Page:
There have been quite a few thoughts about Windows Phone 8 following its formal unveiling yesterday, but one of them in particular stood out to us. PC Mag's Sascha Segan published an editorial following all of the mayhem, entitled "How a QWERTY Windows Phone could kill BlackBerry".
Segan argues that while mob mentality suggests QWERTY keyboards are irrelevant as software keyboards improve, in reality there's a very real niche of the market that is holding on to their painfully outdated BlackBerrys for the keyboard alone. In fact, Segan believes that the first manufacturer to recognize that would benefit from the same following Research In Motion still commands today, which are primarily enterprise users.
Putting two and two together, Segan worries that Windows Phone 8 will miss out on a golden opportunity to capture more of the enterprise market by not releasing a phone with a QWERTY keyboard, a la the Dell Venue Pro (pictured) or the HTC 7 Pro (aka Arrive). Here's an excerpt:
"[QWERTY keyboards are] very specifically an opportunity for Microsoft. Google's commitment to 'openness' has let a thousand manageability and security solutions bloom, but that's a thorny road of winding paths for most IT departments. Apple cares not for keyboards. But Microsoft will be selling Windows Phone 8 specifically as a companion to Windows 8 in the enterprise, with all of the EAS and policies and BitLocker that implies.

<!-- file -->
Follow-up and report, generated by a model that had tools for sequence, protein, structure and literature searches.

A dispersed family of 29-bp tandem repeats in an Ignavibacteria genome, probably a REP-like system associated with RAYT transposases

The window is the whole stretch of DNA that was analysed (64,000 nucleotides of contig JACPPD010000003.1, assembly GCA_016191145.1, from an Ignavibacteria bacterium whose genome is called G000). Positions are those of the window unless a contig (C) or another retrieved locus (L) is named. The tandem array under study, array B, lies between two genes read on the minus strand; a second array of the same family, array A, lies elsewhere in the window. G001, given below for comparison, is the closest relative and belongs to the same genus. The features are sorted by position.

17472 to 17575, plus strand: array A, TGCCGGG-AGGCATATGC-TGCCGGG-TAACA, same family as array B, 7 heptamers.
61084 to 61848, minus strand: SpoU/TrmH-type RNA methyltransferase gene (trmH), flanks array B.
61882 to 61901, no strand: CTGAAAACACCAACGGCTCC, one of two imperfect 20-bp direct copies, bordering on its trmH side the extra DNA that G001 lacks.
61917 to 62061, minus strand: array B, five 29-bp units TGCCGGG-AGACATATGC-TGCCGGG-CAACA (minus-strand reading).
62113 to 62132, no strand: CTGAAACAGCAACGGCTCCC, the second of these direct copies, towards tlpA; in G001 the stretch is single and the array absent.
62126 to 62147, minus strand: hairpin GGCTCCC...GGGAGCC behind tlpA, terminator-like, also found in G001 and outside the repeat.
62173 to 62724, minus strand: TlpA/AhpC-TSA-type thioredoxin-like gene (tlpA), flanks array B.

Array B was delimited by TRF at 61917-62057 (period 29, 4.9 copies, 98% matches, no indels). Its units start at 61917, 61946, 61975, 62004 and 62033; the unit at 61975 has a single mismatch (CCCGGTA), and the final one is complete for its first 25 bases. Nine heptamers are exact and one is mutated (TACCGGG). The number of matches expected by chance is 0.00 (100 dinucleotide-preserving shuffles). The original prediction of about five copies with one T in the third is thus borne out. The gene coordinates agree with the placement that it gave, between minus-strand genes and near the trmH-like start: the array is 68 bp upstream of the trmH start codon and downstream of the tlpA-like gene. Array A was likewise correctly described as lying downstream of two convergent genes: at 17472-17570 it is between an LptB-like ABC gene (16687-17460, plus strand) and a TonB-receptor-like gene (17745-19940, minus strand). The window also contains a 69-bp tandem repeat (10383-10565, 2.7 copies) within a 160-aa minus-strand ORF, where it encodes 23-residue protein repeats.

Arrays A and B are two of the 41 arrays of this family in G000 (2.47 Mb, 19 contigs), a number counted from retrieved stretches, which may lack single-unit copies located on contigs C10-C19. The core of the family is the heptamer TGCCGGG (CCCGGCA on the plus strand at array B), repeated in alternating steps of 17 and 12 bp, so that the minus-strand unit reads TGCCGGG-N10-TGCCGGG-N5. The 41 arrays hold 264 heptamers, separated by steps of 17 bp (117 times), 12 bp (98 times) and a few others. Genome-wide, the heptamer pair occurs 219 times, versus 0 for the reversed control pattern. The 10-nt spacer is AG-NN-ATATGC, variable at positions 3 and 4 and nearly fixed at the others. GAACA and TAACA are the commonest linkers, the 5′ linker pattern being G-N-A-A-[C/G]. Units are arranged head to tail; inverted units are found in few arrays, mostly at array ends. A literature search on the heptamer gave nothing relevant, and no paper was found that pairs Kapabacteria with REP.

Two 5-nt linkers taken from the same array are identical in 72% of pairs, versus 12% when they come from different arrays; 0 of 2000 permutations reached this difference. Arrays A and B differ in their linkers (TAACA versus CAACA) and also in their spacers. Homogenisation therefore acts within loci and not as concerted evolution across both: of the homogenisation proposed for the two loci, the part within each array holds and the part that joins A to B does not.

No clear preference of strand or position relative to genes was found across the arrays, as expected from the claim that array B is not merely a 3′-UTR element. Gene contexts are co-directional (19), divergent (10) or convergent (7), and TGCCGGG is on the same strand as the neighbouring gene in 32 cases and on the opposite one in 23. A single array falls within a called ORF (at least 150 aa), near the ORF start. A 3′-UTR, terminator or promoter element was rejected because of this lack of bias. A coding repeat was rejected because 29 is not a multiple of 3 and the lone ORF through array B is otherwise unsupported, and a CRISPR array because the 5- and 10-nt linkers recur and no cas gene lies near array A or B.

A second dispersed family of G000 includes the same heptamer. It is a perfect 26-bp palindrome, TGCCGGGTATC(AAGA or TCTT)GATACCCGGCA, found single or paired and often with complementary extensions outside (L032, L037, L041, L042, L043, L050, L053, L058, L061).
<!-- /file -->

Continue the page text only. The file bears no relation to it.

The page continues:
Serious people could use Windows Phone 8 to do serious things. But many of those serious people don't want to fumble along with autocorrect on Windows Phone's somewhat accident-prone touch keyboard."
We're not sure we agree with that dig about the typically-excellent software keyboard, but it's irrelevant. Segan then goes on to fantasize about a Nokia E72-like device running Windows Phone 8, and we have to admit that would be pretty awesome. Heck, we've been saying for months to just give us the Dell Venue Pro with Windows Phone 8 (and without all of the defects).
So now we want to ask you: is Microsoft potentially missing out on knocking BlackBerry on its back for good? Or do nightmares of the Venue Pro and LG Quantum create doubts that a manufacturer can pull it off?
Source: PC Mag